1) When she was young, Sarah and her brother, Richard, were in the nursery, playing knight and damsel in distress. Typical boy, Richard decides the poker makes a dandy sword. Although it is a bit heavy to slay dragons, he brandishes it about while Sarah cringes against the fireplace fender, shrinking from the fire breathing dragon. The coals in the fireplace endanger his damsel; Richard slays the fire and coals roll onto the hearth rug, where they smolder. At Sarah’s alarmed cries, the maid rushes from the next room, still holding a pair of half darned stockings. She picks up the rug and throws it on the fire, where it smokes and makes a dreadful smell.

You don’t imagine their father was pleased, do you? No, Hercules Frampton, never the calmest man, goes through the roof. He is going to tan Richard’s hide--that will teach the boy not to play with fire. Sarah, more alarmed by her father’s anger than by her brother’s attempt to burn the house down, says that Richard was not at fault. It was she, Sarah, who poked the fire and made the coals fall out. So Richard doesn't get whipped. Instead, Sarah has to put in an additional hour of labor per day stitching her sampler.

Sarah learns how to protect her siblings from an unreasonable parent. Richard absorbs – and uses and abuses – the knowledge that Sarah will save him from himself. Sarah has forgotten this incident, but it sets the tone for her relationship with Richard, which has tremendous impact on the plot of Keeper of the Grail.

2) Sloane has not forgotten his lessons in life: he has merely misplaced the tools for using them. His grandfather, a wise old man, recognized Sloane’s solemn nature and taught the boy to enjoy the absurdities that sprout like dandelions in the roses. For years, Sloane used this lesson to keep life light, but when calamity and disaster crawl on top of responsibility and problems jump to teeter at the peak of the pile, he bogs down. Sarah helps him recover the joy.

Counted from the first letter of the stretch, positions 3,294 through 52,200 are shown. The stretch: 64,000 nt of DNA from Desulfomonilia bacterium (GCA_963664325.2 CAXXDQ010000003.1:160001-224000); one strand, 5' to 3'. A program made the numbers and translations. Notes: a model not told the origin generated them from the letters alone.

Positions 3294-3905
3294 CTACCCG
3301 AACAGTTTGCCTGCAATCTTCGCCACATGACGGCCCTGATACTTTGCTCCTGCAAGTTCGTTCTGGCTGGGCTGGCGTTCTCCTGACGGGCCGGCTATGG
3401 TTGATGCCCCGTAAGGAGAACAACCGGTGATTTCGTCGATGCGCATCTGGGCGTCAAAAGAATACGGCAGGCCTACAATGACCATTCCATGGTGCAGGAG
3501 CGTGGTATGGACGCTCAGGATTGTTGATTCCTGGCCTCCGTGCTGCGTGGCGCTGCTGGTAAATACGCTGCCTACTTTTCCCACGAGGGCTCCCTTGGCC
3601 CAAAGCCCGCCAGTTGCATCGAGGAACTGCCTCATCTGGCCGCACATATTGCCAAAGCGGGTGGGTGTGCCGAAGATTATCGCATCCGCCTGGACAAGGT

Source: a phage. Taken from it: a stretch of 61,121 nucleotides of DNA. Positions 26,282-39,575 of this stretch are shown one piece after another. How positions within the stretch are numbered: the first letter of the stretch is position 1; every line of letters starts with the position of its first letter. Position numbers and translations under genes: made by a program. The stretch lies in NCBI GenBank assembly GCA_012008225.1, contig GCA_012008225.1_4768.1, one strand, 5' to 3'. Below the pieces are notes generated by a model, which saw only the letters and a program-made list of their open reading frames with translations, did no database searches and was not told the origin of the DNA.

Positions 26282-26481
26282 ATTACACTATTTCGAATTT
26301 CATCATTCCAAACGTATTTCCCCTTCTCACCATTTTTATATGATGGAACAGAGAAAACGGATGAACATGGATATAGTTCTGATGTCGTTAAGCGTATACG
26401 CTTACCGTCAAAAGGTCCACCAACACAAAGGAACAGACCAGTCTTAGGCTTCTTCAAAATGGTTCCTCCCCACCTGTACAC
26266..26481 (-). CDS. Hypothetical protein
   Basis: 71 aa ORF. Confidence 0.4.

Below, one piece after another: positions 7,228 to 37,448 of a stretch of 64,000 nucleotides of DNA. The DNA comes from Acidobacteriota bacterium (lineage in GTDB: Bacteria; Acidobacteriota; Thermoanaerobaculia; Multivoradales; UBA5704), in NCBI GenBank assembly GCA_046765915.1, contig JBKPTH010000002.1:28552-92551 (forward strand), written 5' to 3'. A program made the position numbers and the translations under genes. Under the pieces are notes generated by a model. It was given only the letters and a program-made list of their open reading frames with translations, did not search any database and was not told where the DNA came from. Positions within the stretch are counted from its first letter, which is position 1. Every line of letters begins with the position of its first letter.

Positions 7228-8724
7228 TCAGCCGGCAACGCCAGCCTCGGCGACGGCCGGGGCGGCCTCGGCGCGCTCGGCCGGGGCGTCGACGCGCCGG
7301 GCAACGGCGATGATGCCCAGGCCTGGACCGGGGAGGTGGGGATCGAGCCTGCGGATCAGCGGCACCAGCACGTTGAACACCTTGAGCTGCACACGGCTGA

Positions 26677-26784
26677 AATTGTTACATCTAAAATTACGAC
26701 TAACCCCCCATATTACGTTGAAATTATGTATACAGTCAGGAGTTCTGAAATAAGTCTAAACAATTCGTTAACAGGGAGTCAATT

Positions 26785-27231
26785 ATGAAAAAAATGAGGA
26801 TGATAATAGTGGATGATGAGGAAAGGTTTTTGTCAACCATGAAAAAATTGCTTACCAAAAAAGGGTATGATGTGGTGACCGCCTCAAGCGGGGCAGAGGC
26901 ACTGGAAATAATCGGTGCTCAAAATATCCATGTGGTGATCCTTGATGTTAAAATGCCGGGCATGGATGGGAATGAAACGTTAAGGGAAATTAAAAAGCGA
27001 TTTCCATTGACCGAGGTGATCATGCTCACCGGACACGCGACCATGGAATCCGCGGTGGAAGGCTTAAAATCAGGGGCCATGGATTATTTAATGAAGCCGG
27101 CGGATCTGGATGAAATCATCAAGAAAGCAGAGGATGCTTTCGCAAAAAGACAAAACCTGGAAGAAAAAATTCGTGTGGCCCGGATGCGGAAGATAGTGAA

3) Sarah can hoot like an owl while Sloane can imitate a scared mouse’s squeak to perfection. Think of the possibilities for a game of hide and seek. Regency prim and proper is for public appearances, not necessarily for intimate moments.

4) Sloane hasn’t chased a girl in his life. He hasn’t needed to. If there is anything more attractive than a bad boy, it is a man who oozes power and personality. His first conquest was Laurel Renders, four-year-old daughter of his tutor. To get Sloane's attention, she complained to her father that he dipped the tip of her braid into the inkwell. Not having any self-torturing hangups, Sloane took his whipping like a man and wrote Laurel off as a nuisance.

5) Sarah can sew a button on neater than Sloane, but he can smell cinnamon from twenty paces. It all ties in with their interests. Sarah believes that if you have to do something, you might as well enjoy it. As for Sloane, there is no shame in enjoying sweets.

So there are five things about Sarah and Sloane that are not exactly obvious. What is obvious? Well, here are two people who don't have a lot in common, other than both living in 1814 England. When they hook up, it is for a purpose. It is not their fault that their personalities mesh so well or that great events sprout under their feet. You can't even blame them for the behavior of the Banshee Brigade, but you can applaud Sloane's handling of that feisty clique. Finally, a hero who can manage them! The book is titled Keeper of the Grail. It hasn't been born yet, but publisher willing, that will be soon.

If you are curious about the Banshee Brigade, they parade through every one of my books.